Ever wonder why interviews are recorded with both a lavalier mic and a boom microphone? The standard producer request, whenever an interview is recorded for television: Boom channel 1, lav channel 2, or visa-versa. Why 2 microphones for one sound source? The answer runs a little deeper than you may think.
20 or 30 years ago, two mics for a single interview was not done. The sound recordist chose his weapon, a lav or a boom, and recorded with that. The producer or director, or whoever was in charge, asked no questions. There was only one, recordable mono track anyway! Back in the news-film, documentary days, or anything that preceded video, the audio went to the mono Nagra track, or the single audio channel on whatever sound amplifier (Auricon, Cinema Products, etc) was driving a sound-on-film system. Not only were two mics unnecessary, there weren’t two audio tracks for two mics! Two tracks of audio eventually became available when 3/4” u-matic, stereo Nagra, or 1” field recording came into being. Yet two mics for a single-person interview was still hardly contemplated.
Enter the days of Tabloid and Reality television. And, the need for low-cost programming to fill 80 channels of cable/satellite TV. The tiny army of production mixers, in their lofty, revered, hard-earned union positions, were no longer enough in number, or even willing to meet the demand for the forthcoming tidal wave of cheap television.
However, there were plenty of young, inexperienced crew people flooding into the production work force, many never having picked up a boom pole or lavalier mic. They worked for cheap, learned by trial and error, clipping lavs on collars, happily chasing around cameras with their little mixers. Recording interviews with whatever audio gear the cameraman owned, or was thrown in the back of the truck. Often an Shure FP31 and two Sony ECM50’s…
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You can imagine what came next. Horrible audio came flooding into the edit bays. Poorly cued booms, lavs placed too low or too high, or no mic at all- when the soundman forgot to switch from the camera mic, or connect the umbilicle. If a mic battery died, or a location was noisy, the editor got what he got– 1 channel of crappy audio from one mic, recorded by a beginner.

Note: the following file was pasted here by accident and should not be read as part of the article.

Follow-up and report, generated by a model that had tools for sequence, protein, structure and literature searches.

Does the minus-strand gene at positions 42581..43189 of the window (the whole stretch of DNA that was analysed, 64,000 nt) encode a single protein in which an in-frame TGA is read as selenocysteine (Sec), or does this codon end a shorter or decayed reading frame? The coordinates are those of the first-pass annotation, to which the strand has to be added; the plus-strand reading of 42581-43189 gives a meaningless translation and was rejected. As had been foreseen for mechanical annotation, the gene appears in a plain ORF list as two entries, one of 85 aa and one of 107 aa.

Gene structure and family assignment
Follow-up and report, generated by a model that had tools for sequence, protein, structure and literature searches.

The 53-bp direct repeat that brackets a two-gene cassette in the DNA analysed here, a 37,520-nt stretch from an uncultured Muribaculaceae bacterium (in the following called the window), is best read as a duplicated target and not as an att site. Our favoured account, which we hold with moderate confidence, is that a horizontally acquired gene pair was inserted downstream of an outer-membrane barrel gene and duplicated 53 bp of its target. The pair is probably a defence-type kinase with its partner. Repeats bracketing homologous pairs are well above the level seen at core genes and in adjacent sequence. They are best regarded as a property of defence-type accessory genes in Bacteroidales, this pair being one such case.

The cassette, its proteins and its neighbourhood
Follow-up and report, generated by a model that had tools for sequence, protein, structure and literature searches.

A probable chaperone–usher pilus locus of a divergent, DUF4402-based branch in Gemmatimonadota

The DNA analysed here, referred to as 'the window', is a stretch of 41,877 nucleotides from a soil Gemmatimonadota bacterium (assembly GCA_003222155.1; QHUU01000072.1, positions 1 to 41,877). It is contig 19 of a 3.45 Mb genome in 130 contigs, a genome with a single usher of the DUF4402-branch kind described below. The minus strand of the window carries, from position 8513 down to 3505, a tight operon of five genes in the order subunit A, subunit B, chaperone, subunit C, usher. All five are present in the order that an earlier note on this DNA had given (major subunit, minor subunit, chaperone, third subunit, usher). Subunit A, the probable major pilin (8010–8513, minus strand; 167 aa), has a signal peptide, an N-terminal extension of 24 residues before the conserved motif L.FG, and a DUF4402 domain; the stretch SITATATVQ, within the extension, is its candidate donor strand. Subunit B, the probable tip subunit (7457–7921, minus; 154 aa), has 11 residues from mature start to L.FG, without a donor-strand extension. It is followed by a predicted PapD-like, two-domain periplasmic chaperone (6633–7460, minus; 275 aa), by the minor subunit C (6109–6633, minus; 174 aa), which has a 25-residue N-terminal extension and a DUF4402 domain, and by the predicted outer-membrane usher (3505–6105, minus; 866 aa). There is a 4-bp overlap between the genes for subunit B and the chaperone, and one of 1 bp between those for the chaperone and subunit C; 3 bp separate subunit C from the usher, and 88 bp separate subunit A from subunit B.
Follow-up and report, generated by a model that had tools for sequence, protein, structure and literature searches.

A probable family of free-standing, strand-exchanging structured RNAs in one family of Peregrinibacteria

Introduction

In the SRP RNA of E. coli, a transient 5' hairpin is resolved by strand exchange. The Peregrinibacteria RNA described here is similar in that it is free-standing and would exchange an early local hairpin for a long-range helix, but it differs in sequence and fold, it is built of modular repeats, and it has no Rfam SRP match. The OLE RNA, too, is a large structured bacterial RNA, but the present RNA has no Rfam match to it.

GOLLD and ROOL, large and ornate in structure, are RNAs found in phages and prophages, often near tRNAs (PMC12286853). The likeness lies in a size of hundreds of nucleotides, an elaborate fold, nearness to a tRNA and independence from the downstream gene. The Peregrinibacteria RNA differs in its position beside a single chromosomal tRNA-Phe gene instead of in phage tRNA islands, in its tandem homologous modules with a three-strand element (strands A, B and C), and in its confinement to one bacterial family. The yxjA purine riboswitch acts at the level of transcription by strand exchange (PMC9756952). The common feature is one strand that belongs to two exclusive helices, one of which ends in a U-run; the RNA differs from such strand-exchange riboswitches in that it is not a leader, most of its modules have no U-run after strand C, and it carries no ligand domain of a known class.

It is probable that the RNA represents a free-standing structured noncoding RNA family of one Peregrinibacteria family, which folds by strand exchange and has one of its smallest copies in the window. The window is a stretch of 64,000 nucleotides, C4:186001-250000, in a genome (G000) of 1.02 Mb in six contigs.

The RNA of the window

It didn’t take long for word to come down on high. Make those jobs idiot-proof, because we’ve got an army of idiots recording our field audio! Thus came the new protocol- record lavalier on 1 channel, and boom on the other. In Post, now we can choose the less horrible of the two! The senior sound guys balked– they knew how to get good interview audio with one mic, and no memo from above was going to tell them how to do the job. Regardless, the protocol stuck, and is still with us today. I don’t begrudge the method at all. Today, having both mics going makes sense in a fail-safe kind of way- most of the time. Let’s say you have 15 minutes to interview the King of Jordan. One take, no interruptions. Mid-interview, someone starts a vacuum cleaner in the next room. Would you rather have one mic choice or two? Afterwards, the producer’s inevitable question- how was that vacuum? Which mic sounded better? These days, the on-set mentality is: Get it right, get it in spades, and if you can, postpone making a decision about anything. Works for me! All I ask is: Please, Mr Editor, pick one or the other, and don’t mix the two down to mono!
– by Pete Verrando